10 October 2015

Stephen Harper: wrong on science, wrong on personal freedom

By Daniel Takash

As the marijuana legalization movement builds up steam, prohibitionists are grasping at straws to defend an increasingly untenable status quo. The most recent argument for prohibition comes from Canadian Prime Minister Stephen Harper, who claimed that marijuana was “infinitely worse” than tobacco.

Harper has hasn’t tried to hide his views on marijuana. In 2013, he sent out a mailer demonizing Liberal Party leader Justin Trudeau’s support for marijuana legalization. The mailer claimed legalization would allow children to gain access to marijuana. This is highly misleading. Canadian teenagers already lead the world in per capita cannabis consumption. But his claim that marijuana is worse than tobacco is even more absurd, and it will hurt him in the polls.

Are there some dangers to marijuana smoking? Yes, of course. There are also dangers to tobacco use. But this does not justify prohibition of either substance.

While it’s true that marijuana deposits four times as much tar into someone’s lungs compared to a tobacco cigarette, a 2006 UCLA study found that there was no increased incidence of cancer among even the heaviest marijuana users. This is largely because the average smoker will smoke around ten to twenty cigarettes per day. To get the same amount of tar using the 4:1 ratio, marijuana users would have to smoke 2.5 to 5 joints per day, a figure only boasted by the heaviest of heavy users.

Regular cigarette use is also more expensive than marijuana. In Colorado, the average marijuana user will spend around $650 per year on pot, whereas a pack-a-day tobacco user will spend around $1900, even though a pack of cigarettes only costs about $5.50.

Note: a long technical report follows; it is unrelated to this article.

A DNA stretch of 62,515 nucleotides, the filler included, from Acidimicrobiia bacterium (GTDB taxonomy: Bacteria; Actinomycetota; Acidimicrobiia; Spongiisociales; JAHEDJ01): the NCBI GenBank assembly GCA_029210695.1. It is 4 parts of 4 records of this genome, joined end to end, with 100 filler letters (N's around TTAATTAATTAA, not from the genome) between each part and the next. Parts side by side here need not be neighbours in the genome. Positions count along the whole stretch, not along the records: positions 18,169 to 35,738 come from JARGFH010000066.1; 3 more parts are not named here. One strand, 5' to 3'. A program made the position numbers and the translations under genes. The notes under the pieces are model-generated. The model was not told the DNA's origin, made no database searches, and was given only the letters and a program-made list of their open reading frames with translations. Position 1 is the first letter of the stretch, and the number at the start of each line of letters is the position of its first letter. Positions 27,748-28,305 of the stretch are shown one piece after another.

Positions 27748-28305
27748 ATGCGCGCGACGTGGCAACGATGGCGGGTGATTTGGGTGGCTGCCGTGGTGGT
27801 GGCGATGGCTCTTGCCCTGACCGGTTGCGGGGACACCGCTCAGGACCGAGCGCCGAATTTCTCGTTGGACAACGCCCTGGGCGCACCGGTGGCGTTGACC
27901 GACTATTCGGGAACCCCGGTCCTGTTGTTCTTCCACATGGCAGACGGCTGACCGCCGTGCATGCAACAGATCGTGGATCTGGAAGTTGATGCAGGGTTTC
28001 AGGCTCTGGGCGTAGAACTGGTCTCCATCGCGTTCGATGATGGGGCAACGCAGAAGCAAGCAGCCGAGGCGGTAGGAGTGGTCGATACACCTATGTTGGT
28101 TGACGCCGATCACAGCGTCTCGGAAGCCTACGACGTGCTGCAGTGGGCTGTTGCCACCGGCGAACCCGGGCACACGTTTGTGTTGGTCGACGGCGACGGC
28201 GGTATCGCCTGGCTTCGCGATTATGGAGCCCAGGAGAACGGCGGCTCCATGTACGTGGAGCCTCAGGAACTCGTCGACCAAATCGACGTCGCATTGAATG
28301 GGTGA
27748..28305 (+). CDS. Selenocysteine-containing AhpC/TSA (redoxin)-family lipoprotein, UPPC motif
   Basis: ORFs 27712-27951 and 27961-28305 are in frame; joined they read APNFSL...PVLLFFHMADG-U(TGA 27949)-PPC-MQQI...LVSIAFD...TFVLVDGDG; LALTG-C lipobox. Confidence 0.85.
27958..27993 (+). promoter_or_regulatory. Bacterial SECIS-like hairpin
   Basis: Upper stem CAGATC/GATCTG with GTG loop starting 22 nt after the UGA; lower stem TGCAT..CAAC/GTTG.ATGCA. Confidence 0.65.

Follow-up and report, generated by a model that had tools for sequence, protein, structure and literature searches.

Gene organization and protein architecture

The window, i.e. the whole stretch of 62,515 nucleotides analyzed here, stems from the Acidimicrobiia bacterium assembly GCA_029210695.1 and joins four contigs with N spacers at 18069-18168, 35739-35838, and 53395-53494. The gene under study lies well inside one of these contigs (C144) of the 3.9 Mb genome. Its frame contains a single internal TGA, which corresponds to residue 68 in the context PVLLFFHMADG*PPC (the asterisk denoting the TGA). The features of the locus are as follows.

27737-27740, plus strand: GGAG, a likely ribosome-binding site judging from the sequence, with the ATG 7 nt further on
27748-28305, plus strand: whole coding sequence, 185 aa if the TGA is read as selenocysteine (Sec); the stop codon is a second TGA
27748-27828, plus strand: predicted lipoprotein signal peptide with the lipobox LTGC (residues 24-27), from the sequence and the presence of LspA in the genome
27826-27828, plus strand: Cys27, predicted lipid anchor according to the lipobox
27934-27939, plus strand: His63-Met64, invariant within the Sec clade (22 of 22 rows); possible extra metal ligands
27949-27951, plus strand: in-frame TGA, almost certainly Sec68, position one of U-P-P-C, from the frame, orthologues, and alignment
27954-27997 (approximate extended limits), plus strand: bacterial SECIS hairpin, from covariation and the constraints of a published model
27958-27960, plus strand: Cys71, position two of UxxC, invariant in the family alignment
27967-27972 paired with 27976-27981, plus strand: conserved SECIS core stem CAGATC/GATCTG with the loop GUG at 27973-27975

Finally, let’s take a sobering look at the lives lost due to regular consumption of cigarettes compared to marijuana. Nearly six million people around the world die every year from tobacco-related illnesses.

And marijuana? While there is insufficient research on the long-term effects of chronic marijuana use, current research does not indicate an increased risk of cancer or heart disease. Even if it had the same risk of these conditions as tobacco, most marijuana users don’t use frequently and many quit as they get older. Only 9 per cent of those who try cannabis develop a dependency, compared to 32 per cent of those who use tobacco.

Some incidents of dangerous outcomes, due to panic attacks from over-consumption, have been reported. But these can be solved through rather modest regulations on dosage requirements and warning labels for these products. However, these regulations can only come after legalization.

Moreover, marijuana doesn’t even need to be smoked to be ingested. Consumers can consume marijuana through a vaporizer, which heats the marijuana without combustion, turning it into a vapor that avoids damage to the lungs. It can also be ingested as food.

While vaporizing, and other alternative delivery methods are not without their drawbacks, they are able to reduce some of the health risks associated with marijuana smoke.

Even safer delivery methods could be studied and developed under a model legalization. Unlike prohibition, a legalization allows the creation of regulatory regimes that can direct consumers towards healthier and safer ways to use marijuana.

Whether Harper is willfully ignorant of the evidence, or just trying to throw everything into winning the mid-October elections, it’s a losing strategy. In August, 53 per cent of Canadians, and 61 per cent of young people, supported marijuana legalization. Though far more likely to be opposed to marijuana reform, 34 per cent of Conservatives also supported legalization.

These numbers could be more dangerous for Conservatives than they appear at first glance. It is true that, whilst 61 per cent of young people support legalization, only 39 per cent of Canadians under 24 voted in the 2011 elections. The youth turnout is again expected to be small, but Trudeau could make gains in the polls if he makes marijuana legalization an election issue.

In the end, this question will only be settled by voters. Perhaps young people will view marijuana as a major issue and turn out in droves to vote against Harper. Perhaps they won’t. As a matter of policy, however, Harper is dangerously wrong.
Even ignoring the myriad social harms associated with marijuana prohibition, marijuana is comparatively safer than tobacco by most metrics. If marijuana use is a public health problem, then perhaps skeptics should use the same strategy that Canadian Conservatives used to combat tobacco use: education and regulation, not prohibition.

Daniel Takash is a Young Voices Advocate studying Applied Mathematics and Statistics at Johns Hopkins University. Follow him @DanielTakash.